Then I removed

    <AutoConnectOnStart>false</AutoConnectOnStart>
    <BlockUntrustedServers>true</BlockUntrustedServers>
    <LocalLanAccess>true</LocalLanAccess>

    Now, my perfomrnace results are…

    image

    When VPN doesn’t work, its frustrating to figure out what has gone wrong.  This solution worked for me so far.  I hope it works for you.

    Using the Desktop Toolbar as a pre-Windows 8 Start Menu

    When using Windows 8, I found that switching between the Desktop and the Start Screen was visually jarring.  After I updated Windows 8.1, I changed the Start Screen background to match my Desktop background.  Visually, the transition is much smoother.

    I do like the Start Screen and Live Tiles, but every now and then, I want to just stay in the Desktop.  Without using 3rd-party software, there is a way to have close to pre-Windows 8 Start Menu.  Here is how to do it.

    1. Right-click on the Toolbar followed by a left-click on Properties

    image

    A window will pop-up called Taskbar and Navigation properties.

    2. Left-click on the Toolbars tab, left-click on Desktop, and left-click on the OK button to add the Desktop to your Toolbar.

    image

    3. Adjust the position of the Desktop toolbar to the left right next to the Start button then shrink it down to allow more room for your Taskbar icons.

    4. (Optional) Lock the taskbar

    image

    The end result should look something like this..

    With taskbar unlocked

    image

    With taskbar locked

    image

    Use Task Scheduler to start then stop SkyDrive

    There are times when I don’t want SkyDrive to be running all the time for two reasons:

    1. I don’t want it to affect my boot up time
    2. I want to minimize network traffic
      But, I do want it to start at a certain time, let it do its work, then exit out.

    I found a way to do this by using a built-in Windows 8 program called Task Scheduler.  Here are the steps to do it.

    1. Type “Schedule Tasks” in the Windows 8 Start Screen

    image

    2. A window called Task Scheduler appears on the desktop.  Left-click on Create Basic Task

    image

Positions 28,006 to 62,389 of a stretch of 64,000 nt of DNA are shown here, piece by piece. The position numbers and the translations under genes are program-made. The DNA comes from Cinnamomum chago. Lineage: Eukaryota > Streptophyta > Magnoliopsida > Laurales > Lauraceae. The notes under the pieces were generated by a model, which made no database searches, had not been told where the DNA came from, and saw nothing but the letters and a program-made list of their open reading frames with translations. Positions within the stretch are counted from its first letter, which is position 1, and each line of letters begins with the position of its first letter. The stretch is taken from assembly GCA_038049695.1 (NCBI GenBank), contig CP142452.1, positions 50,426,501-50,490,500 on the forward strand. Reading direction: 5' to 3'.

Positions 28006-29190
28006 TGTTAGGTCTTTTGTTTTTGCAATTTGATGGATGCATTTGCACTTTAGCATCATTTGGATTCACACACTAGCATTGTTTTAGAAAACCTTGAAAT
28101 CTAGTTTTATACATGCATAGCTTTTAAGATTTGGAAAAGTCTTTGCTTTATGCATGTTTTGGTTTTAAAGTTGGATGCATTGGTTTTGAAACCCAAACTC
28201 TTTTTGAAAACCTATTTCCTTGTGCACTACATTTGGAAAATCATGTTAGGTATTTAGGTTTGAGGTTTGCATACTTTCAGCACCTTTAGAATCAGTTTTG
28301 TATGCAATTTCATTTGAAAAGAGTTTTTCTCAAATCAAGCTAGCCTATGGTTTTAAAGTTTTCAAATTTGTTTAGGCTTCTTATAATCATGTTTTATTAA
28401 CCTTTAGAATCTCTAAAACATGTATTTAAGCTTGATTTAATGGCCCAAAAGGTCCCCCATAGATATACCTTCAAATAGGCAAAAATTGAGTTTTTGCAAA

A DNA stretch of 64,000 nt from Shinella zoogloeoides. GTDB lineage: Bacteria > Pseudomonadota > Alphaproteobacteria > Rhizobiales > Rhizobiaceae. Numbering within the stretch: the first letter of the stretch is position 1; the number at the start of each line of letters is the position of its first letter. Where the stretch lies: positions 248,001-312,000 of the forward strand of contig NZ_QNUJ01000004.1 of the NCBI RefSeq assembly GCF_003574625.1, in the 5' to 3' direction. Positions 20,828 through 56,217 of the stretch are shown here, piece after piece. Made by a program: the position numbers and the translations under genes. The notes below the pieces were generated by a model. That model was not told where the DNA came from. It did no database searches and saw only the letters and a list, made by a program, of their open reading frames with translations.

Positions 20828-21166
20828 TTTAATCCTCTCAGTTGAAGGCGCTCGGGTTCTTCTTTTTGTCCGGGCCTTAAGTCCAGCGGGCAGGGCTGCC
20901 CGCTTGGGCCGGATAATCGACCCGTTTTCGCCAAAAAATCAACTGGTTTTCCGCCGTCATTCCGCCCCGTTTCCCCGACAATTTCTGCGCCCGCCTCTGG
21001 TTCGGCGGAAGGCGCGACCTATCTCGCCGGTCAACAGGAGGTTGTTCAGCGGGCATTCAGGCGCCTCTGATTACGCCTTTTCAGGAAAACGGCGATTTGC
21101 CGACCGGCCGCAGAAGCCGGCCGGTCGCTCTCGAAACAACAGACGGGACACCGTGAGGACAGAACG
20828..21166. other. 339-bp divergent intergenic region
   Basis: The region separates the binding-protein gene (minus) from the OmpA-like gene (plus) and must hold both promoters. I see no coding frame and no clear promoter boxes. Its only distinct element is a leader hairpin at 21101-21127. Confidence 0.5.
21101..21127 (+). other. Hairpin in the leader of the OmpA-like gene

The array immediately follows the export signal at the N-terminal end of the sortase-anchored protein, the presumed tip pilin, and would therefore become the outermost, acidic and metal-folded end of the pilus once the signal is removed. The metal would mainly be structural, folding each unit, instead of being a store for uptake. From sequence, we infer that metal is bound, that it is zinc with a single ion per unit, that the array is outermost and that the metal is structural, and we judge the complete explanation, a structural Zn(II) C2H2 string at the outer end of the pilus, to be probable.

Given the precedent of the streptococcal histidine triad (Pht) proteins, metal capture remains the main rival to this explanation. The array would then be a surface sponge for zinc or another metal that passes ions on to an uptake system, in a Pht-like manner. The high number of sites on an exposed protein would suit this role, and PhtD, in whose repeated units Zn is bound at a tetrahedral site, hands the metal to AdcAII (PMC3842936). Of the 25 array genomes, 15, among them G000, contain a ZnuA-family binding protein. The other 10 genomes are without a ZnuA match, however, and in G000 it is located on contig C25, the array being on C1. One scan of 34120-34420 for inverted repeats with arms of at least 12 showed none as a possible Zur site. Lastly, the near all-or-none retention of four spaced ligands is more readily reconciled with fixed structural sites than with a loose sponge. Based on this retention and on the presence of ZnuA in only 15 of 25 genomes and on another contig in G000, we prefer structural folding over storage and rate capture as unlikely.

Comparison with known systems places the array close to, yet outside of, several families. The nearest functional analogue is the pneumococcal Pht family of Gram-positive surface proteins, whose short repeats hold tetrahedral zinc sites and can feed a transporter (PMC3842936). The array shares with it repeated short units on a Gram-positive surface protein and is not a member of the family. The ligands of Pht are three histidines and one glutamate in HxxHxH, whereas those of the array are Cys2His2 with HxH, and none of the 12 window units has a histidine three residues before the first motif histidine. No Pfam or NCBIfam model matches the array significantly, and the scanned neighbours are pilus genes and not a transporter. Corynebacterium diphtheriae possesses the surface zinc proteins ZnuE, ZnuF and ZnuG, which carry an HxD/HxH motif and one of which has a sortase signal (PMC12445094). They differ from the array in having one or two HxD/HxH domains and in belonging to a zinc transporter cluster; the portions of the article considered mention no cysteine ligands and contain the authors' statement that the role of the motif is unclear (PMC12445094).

3. A window called Create Task appears.  Name the task you want to create.  In this example, I called it User_Created_Sync_SkyDrive.  Any tasks I create will always start with User_Created so that it is easier for me to distinguish the tasks that I created versus the tasks that Windows has created already.  Then, enter a short description of what the task does to remind you what the task is supposed to do.

    image

    4. Left-click on the Triggers tab, left-click on the New button…

    image

    … and fill in the following options – see the green boxes below.

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    5. Left-click on the Actions tab then left-click on the New…button

    image

    A window called New Action pops up.  Make sure the Action is Start a program.  Then, left-click the Browse…button.

    image

    Point to where the SkyDrive executable is located.  You should be able to find it under your user name/AppData/Local/Microsoft/SkyDrive.  Left-click on SkyDrive.exe to select the program you want to start and it should appear in the File name: textbox.  Afterwards, left-click on the Open button.

    image

    The result should look similar to this:

    image

    Left-click on the OK  button.

    Under the Conditions tab, ensure that you have the following settings, then left-click on the OK button.

    image

    Under the Settings tab, ensure that you have the following settings, then left-click on the OK button.

    image

    To see your newly scheduled task, left-click on Task Scheduler (Local)

    image

    then left-click on the Task Scheduler Library

    image

    Finally, left-click on File followed by a left-click on Exit to finish setting up the scheduled task.

    image

    That’s all there is to it.  Good luck.

    Fresh Paint + Surface Pro : It makes a lot of sense now

    I haven’t drawn in years.  The last time I drew anything was when I was in elementary school.

    When I first downloaded Fresh Paint it was unto my Desktop PC because it was one of the first few apps that seemed interesting.  But even then, I didn’t use it much.  The App was clearly built for touch and it was awkward to use on the desktop.

    I revisited the program but this time, I downloaded it on my Surface Pro and used it with a stylus.

    image

    Black headed seagull

    I’m going to keep practicing and learning techniques.  I have to tell you though, this is a lot of fun.  I’m really loving the technology.